Tamar’s plan got off (pardon the pun) without a hitch.
Judah bought her disguise, declared his interest, and they had sex.
Did Judah detect anything amiss during their intercourse?
It seems not. Judah went back home, and then sent his friend Hirah back to the crossroads to pay the fee that he had promised — one kid from the herd — and to retrieve the collateral that had left with her. Of course, she was nowhere to be found.
But there was one thing — something that goes unnoticed by the primary Torah commentaries. After they have had sex, even as he seeks to pay his erstwhile sex partner for her services, Judah no longer refers to her as a Zona. Now, as both he and Hirah seek her whereabouts they inquire: “Where is the Kedeisha (קְדֵשָֽׁה) that was at the crossroads?”
What is a Kedeisha?
Rashi defines Kedeisha simply as one is “prepared (מְקֻדֶשֶׁת) and ready for harlotry.”
Rashi doesn’t explain, however, why the word changes from Zona to Kedeisha; why Judah initially thought she was a Zona, but then inquired as to the whereabouts of the Kedeisha.
Even accepting Rashi’s definition, it is clear that a Kedeisha is fundamentally different than a Zona. Whereas a Zona denotes an abandoned girl, a Kedeisha denotes one who has chosen prostitution as a lifestyle choice or a career path. She is “prepared and ready” for sex.
Does this mean that Tamar was so proficient in providing sexual pleasure that she convinced Judah that she was a professional?
We find a similar language-switch among the commandments of Deuteronomy. In one verse is states: “There shall not be a [female] prostitute of the daughters of Israel, and there shall not be a [male] prostitute of the sons of Israel.” In that verse, it uses the word “Kedeisha.” The very next verse, however, states: “You shall not bring a prostitute’s fee . . . to the House of the Lord, your God, for any vow.” In that verse, the word “Zona” is used. There is not prohibition against a daughter of Israel becoming a Zona; she is forbidden from becoming a Kedeisha — although a Zona’s fee may not be used to pay a pledge to the Holy Temple.
There are more contemporary commentaries that suggest that the fact that the word Kedeisha incorporates the word “Kadosh” — which ordinarily means holy — cannot be ignored. Thus, they interpret a Kedeisha as being a woman who might regularly use sex as a form of spiritual service. If this is true, it might present a different perspective on the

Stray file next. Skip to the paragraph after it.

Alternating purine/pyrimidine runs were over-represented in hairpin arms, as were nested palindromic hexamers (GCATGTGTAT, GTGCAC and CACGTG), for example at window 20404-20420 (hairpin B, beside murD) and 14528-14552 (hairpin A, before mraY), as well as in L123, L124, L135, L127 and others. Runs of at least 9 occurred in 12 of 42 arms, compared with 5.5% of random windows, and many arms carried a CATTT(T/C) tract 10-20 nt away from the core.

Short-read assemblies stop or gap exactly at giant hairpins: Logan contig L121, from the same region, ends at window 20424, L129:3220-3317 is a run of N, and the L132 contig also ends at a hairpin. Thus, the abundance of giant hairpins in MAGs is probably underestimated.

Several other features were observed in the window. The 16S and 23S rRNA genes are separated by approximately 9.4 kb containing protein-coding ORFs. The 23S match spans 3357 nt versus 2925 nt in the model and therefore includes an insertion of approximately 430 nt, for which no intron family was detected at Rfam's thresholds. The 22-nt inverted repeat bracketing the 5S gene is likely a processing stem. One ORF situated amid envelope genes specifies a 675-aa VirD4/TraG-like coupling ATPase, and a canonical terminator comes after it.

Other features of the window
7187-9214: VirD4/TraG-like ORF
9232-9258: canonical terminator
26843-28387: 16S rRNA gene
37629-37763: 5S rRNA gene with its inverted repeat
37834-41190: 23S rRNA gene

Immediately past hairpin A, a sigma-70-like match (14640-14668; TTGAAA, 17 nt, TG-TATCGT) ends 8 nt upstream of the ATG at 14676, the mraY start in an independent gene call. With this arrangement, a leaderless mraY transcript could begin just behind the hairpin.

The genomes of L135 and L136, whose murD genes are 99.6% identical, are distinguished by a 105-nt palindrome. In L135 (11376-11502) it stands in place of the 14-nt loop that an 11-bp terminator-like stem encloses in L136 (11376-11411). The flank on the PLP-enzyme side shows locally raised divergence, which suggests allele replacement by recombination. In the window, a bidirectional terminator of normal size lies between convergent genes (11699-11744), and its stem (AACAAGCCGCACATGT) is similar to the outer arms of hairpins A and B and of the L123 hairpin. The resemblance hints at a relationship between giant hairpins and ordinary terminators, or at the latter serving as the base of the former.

Perhaps this means that when Judah lay with Tamar, he found the sex that he experienced with her to be spiritually uplifting, and so he assumed that she was not merely a Zona, but a Kedeisha. Not abandoned, but devoted to a cause higher than herself.
Over time, the distinction between Zona and Kedeisha has doubtless been eroded to the point that the two terms are now essentially interchangeable. However, their etymological roots are still capable of providing insight, not only into our biblical ancestors, but into the underpinnings of our own sexual psyche.
 Genesis, 38:14-18.
 Genesis, 34:31.
 Genesis Rabbah, 80:12
 Jerusalem Talmud, Sotah 1:4.
 Babylonian Talmud, Sotah, 10b.
 See, e.g., Nachmanides, Rabbeinu Bachye, Genesis, 38:15.
 See Genesis, 38:21-22.
 Deuteronomy, 23:18.
 Deuteronomy, 23:19.
 I Samuel, 2:22.
 Id., 2:25.
 Interestingly, Rashi’s definition of “Kedeisha” in Deuteronomy (23:18) combines his definition of Zona in Genesis (34:31) and of Kedeisha in Genesis (38:21): “one who is abandoned (מופקרת), prepared (מְקֻדֶּשֶׁת), and ready (זומנתמ) for prostitution.” However, it seems clear that a Kedeisha is not at all about abandonment. Uninhibited and unbridled, perhaps, but not abandoned as a person, in the way that Dinah might have seemed had her brothers not avenged her honor. Conversely, there was no concern that Dinah would come across as uninhibited and committed to prostitution. Thus, Rashi’s addition of the word “abandoned” to his definition of the Kedeisha in Deuteronomy is curious.